Claymation, Chimpanzee, Coriolanus, Close (Glenn), comedy (lots), and classics (happy 200th birthday, Mr. Dickens)—looks like a cool collection. Several of the season’s movies are based on nonfiction works: Julianne Moore as Sarah Palin (Tina Fey was busy?), Meryl (Streep) as Margaret (Thatcher), space exploration for kids, stranded sharks (they made it), Navy SEALS (the real deal), and more. As usual, leading ladies proliferate: Vanessa Redgrave, Tilda Swinton, Julia Roberts, Nicole Kidman, Janet McTeer (twice, and she’s worth it), and some great dames (cf., The Best Exotic Marigold Hotel). Spring fare for the younger set can be highlighted in three words: The Hunger Games (fourth word: blockbuster).



Starring Ken’ichi Matsuyama, Kiko Mizuhara, Rinko Kikuchi

Directed by Anh Hung Tran

Release date January (Red Flag Releasing/Soda Pictures)

Tie-in from Vintage Books: Norwegian Wood by Haruki Murakami

When Norwegian Wood was first published in Japan in 1987, it sold more than four million copies and transformed Murakami into a pop culture icon. It’s not surprising that his status has grown steadily; his 1Q84 marks its sixth week on today’s Fiction list. For his direction of Norwegian Wood, Anh Hung Tran won the 2011 Istanbul International Film Festival’s Fipresci Prize.


Starring Meryl Streep, Jim Broadbent, Iain Glen

Directed by Phyllida Lloyd

Release date January 13 (the Weinstein Company)

Tie-in from Penguin: The Iron Lady: Margaret Thatcher, from Grocer’s Daughter to Prime Minister by John Campbell

Although Lloyd directed Streep in the film version of Mamma Mia, it seems unlikely Maggie Thatcher will burst into onscreen song. What is likely is that Streep will pick up another Oscar nomination to add to her astonishing 16 noms—and two wins (Kramer vs. Kramer and Sophie’s Choice).


Starring Ralph Fiennes, Gerard Butler, Vanessa Redgrave

Directed by Ralph Fiennes

Release date January 20 (the Weinstein Company)

Tie-in from HarperCollins/Newmarket Press for It Books: Coriolanus:

The Shooting Script

Making his directorial debut, Fiennes brings to the big screen one of Shakespeare’s lesser-known works, about a banished hero of Rome who allies with a sworn enemy to take his revenge on the city, setting it in current times “with a gritty blood-spattered fierceness” (USA Today).


Starring John Corbett, Jessy Schram, Cynthia Watros

Directed by James Sadwith

Release date January 22 or 29 (ABC, Hallmark Hall of Fame)

Tie-in from St. Martin’s

Griffin: A Smile as Big as the Moon by Mike Kersjes

According to PW’s review of Kersjes’s book—subtitled A Special Education Teacher, His Class, and Their Inspiring Journey Through U.S. Space Camp, “[This] refreshing, heart-warming account proves that faith and vision can yield great things.” Kersjes is president of Space Is Special Inc., a not-for-profit organization that helps special ed students improve their science and math skills using space as a motivational theme.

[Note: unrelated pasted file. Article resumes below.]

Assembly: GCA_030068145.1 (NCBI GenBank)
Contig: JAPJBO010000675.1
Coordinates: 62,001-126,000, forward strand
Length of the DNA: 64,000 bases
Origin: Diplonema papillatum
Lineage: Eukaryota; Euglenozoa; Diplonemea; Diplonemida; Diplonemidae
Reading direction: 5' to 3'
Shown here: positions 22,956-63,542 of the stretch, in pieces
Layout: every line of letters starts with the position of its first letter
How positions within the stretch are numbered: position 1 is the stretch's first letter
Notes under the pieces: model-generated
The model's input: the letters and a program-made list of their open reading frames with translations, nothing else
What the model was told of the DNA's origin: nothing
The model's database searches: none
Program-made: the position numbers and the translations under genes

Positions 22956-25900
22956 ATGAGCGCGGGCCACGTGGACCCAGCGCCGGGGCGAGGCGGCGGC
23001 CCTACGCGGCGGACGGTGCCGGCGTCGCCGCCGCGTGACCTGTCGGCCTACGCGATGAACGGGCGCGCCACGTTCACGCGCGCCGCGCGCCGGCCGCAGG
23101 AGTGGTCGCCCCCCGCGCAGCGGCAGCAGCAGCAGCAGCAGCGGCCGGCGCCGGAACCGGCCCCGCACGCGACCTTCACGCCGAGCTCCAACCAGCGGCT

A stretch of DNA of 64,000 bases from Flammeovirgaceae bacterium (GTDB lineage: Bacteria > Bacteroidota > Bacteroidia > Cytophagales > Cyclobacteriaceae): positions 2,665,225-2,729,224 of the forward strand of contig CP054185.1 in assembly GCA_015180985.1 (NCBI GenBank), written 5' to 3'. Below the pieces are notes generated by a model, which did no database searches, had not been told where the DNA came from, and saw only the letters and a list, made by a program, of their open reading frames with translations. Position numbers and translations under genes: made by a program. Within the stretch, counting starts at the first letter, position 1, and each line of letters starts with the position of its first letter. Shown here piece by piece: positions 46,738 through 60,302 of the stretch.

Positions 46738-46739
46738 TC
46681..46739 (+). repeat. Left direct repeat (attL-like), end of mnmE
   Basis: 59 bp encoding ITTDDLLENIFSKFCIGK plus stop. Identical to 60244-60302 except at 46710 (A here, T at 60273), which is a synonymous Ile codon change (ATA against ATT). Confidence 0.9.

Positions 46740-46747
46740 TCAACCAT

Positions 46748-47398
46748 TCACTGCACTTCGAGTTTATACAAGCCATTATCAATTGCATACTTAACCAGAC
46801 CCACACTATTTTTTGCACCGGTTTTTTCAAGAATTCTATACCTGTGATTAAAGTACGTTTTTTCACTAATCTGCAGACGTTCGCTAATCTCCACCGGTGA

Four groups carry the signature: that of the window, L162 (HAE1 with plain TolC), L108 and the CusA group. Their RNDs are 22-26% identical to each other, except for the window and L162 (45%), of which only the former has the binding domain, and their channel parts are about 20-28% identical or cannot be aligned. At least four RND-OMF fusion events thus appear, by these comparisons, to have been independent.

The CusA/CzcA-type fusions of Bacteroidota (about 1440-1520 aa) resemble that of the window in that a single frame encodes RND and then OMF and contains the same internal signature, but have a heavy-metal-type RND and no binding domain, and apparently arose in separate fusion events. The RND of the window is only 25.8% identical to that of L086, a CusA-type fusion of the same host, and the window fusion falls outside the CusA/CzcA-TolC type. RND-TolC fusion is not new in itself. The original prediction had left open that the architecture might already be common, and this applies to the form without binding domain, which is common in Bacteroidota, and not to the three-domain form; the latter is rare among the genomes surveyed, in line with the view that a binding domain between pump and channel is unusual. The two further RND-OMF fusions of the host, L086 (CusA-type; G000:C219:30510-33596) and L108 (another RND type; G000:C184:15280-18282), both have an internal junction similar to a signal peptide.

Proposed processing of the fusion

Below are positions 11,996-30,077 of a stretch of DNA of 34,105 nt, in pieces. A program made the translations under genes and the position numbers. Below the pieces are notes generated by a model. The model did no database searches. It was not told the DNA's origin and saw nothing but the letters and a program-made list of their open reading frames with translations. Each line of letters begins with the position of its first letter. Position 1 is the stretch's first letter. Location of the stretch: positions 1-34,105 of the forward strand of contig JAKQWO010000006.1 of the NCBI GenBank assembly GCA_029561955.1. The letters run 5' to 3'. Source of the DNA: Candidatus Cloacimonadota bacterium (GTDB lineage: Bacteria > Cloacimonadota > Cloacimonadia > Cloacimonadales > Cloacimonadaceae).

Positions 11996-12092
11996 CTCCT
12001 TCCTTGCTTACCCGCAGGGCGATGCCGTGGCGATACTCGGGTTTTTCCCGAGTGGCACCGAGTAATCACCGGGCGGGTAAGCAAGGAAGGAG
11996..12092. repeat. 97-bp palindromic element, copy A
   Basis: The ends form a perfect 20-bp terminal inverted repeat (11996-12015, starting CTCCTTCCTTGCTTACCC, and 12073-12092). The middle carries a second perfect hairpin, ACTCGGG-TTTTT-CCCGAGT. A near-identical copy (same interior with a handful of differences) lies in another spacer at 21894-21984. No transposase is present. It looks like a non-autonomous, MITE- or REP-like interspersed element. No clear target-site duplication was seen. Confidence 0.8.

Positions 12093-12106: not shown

Starring Glenn Close, Mia Wasikowska, Janet McTeer

Directed by Rodrigo Garcia

Release date January 27 (Roadside Attractions)

Tie-in from Penguin Books: Albert Nobbs by George Moore

Based on a short story by 19th-century Irish writer George Moore, “The Singular Life of Albert Nobbs,” this incarnation of the tale has its origins in a spare stage piece first seen in France and then in London in 1978 with Susannah York. Close starred in a 1982 New York production and has ever since tried to mount a screen version; she came close about a decade ago with Istvan Szabo, which accounts for the Hungarian director’s story credit on the present film.


Starring Tilda Swinton, John C. Reilly, Ezra Miller

Directed by Lynne Ramsay

Release date January 27 (Oscilloscope)

Tie-in from Harper Perennial: We Need to Talk About Kevin by Lionel Shriver

Scottish director/writer/cinematographer Ramsay’s first two full-length films—1999’s Ratcatcher and 2002’s Morvern Callar—attracted the attention of the art house crowd and garnered several prestigious awards. At the 2000 BAFTAs, Ratcatcher won for Most Promising Newcomer and was nominated for Best British Film. Her next film? Moby Dick in Space.


Starring Katherine Heigl, Jason O’Mara, Daniel Sunjata

Directed by Julie Anne Robinson

Release date January 27 (Columbia TriStar)

Tie-in from St. Martin’s Griffin and mass market: One for the Money by Janet Evanovich

One is the book that started the Plum craze (that’s New Jersey bounty hunter Stephanie Plum) and introduced readers to the “burg.” Interestingly, the film’s leads, though they’ve got movie cred, come from strong TV backgrounds. Heigl, who’s starred in a few less-than-stellar rom-coms of late, is best known as Izzie in 100+ episodes of Grey’s Anatomy; Sunjata (one of People’s Most Beautiful People in 2003) has also had a Grey’s arc; and O’Mara’s credits feature such series as Terra Nova, Your Bad Self, Life on Mars, etc.



Starring Daniel Radcliffe, Ciarán Hinds, Janet McTeer

Directed by James Watkins

Release date February 3 (CBS Films)

Tie-in from Vintage Books: The Woman in Black by Susan Hill